(Miami) – Remember Colin Au? He’s the Genting executive who has been kept under wraps by his handlers ever since his casual use of expletives during Legislative hearings made him and his laughable claims a part of Tallahassee folklore. During his testimony, Au famously promised “this industry will create 100,000 jobs” and that “they are good-paying jobs. They work in air-conditioned facilities. They have uniforms and they are in the resort environment.”
“I guarantee you and it can be put into the statute that 70% would be minorities and women.”
His claims were nutty at the time, but a story in last week’s Miami Herald shows just how big the “jobs” lie used over and over again by casino bosses can be. You see, Genting wants to keep using cheaper foreign labor on the company’s casino cruises to help the company’s bottom line. So much for jobs for Floridians – or for that matter, Americans.
Read the attached article about Genting’s lawsuit against the US Customs and Border Protection agency – and ask yourself if they really care about creating jobs in Florida.
by Douglas Hanks & Hannah Sampson
January 2nd, 2014
The Miami Herald
Genting may have placed a losing bet on running a casino ferry between Miami and Bimini.
In federal court documents, the Malaysian casino giant warned of “incalculable” losses if the United States continues to ban it from using foreign labor on overnight gambling runs into international waters. Genting described the gambling “cruises to nowhere” as central to covering the costs of ferrying passengers between PortMiami and its new casino resort in Bimini, and it is suing to resume the trips.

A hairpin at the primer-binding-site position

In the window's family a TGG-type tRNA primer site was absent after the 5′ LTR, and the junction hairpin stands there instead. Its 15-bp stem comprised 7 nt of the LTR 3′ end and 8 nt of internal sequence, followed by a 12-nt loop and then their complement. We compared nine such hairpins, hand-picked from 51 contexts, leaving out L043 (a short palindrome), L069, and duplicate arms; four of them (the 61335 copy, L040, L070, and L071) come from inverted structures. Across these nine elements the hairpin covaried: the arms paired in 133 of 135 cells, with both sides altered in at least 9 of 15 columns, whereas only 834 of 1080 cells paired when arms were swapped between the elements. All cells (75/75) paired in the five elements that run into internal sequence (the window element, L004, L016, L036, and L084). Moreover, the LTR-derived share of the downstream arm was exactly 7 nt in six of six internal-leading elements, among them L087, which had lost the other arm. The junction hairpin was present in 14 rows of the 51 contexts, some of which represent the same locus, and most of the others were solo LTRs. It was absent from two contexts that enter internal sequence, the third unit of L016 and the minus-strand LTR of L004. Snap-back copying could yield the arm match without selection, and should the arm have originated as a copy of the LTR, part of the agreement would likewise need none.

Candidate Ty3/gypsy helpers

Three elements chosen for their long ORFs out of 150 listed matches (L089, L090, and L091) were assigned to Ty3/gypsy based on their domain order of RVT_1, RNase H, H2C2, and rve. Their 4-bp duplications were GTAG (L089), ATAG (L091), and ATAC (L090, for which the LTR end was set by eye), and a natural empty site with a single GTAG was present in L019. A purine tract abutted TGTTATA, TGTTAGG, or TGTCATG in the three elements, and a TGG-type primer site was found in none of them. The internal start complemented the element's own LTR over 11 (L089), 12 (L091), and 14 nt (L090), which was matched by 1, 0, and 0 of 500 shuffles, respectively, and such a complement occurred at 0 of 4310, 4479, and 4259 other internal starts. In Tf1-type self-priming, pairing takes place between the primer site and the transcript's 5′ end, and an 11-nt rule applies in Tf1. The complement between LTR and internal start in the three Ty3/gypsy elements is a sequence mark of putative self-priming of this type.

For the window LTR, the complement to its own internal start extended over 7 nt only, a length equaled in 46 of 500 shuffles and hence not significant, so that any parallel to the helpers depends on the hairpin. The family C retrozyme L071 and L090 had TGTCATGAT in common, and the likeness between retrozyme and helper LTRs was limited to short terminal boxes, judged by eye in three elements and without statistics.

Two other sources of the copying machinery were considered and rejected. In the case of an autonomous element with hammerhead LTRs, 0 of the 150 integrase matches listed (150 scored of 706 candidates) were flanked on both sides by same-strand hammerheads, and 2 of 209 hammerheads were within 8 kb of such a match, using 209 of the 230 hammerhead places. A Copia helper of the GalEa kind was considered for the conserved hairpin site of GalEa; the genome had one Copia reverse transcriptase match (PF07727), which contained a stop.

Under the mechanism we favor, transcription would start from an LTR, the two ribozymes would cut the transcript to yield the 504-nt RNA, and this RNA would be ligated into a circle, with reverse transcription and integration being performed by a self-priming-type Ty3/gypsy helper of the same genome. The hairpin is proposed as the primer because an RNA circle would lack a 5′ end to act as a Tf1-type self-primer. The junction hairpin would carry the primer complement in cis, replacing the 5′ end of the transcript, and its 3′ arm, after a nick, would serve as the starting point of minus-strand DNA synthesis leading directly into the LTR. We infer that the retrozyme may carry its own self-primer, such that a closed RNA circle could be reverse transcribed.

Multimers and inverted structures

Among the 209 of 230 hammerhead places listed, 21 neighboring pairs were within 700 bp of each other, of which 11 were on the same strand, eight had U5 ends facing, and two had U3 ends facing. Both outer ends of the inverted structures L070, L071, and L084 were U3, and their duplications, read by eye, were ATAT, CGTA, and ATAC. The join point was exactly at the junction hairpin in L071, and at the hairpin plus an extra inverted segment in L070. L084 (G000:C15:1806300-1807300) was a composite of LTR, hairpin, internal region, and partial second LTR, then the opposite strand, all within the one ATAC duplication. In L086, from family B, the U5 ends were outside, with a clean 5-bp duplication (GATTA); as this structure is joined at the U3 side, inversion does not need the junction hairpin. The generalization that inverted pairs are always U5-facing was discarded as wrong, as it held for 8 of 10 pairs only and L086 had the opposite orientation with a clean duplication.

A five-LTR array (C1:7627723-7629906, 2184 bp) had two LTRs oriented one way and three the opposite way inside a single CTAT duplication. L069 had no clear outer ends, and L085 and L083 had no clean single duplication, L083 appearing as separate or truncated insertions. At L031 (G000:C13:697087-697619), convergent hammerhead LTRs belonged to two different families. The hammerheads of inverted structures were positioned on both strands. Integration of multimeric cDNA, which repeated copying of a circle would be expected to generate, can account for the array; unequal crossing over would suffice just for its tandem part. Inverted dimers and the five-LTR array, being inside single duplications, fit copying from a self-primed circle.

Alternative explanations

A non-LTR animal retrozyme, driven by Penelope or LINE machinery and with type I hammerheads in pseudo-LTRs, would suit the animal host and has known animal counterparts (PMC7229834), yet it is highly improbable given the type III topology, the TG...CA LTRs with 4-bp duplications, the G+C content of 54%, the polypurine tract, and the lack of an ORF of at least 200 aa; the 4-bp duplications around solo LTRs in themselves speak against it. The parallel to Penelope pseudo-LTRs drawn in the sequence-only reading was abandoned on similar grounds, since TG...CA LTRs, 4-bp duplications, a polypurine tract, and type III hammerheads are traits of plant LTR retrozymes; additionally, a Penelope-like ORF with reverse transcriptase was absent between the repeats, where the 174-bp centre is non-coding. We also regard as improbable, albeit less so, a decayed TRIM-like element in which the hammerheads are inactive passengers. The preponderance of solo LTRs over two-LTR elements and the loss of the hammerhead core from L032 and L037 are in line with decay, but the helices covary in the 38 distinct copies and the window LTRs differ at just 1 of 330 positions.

The Bimini SuperFast ship launched in July partly to help Genting establish itself as a player in South Florida’s gambling scene while it wages a political battle to build a massive casino resort in downtown Miami. But in recent months, Genting scaled back its sailing schedule as it dealt with delayed construction of its pier in Bimini, the inability to shuttle passengers to shore in rough seas, and, as of Nov. 28, a ban of its overnight gambling cruises over visa issues.
This week, a federal judge asked lawyers for Genting and the U.S. Customs and Border Protection agency to clarify their arguments regarding the foreign workers on the SuperFast who are serving drinks, taking tickets and performing other functions not directly related to operating the ship. In a suit filed late November in U.S. District Court in Washington, D.C., Genting asked a court to overturn CBP’s ruling against using foreign workers in the SuperFast overnight cruises….
Read the full article here.
Contact: Michael Murphy
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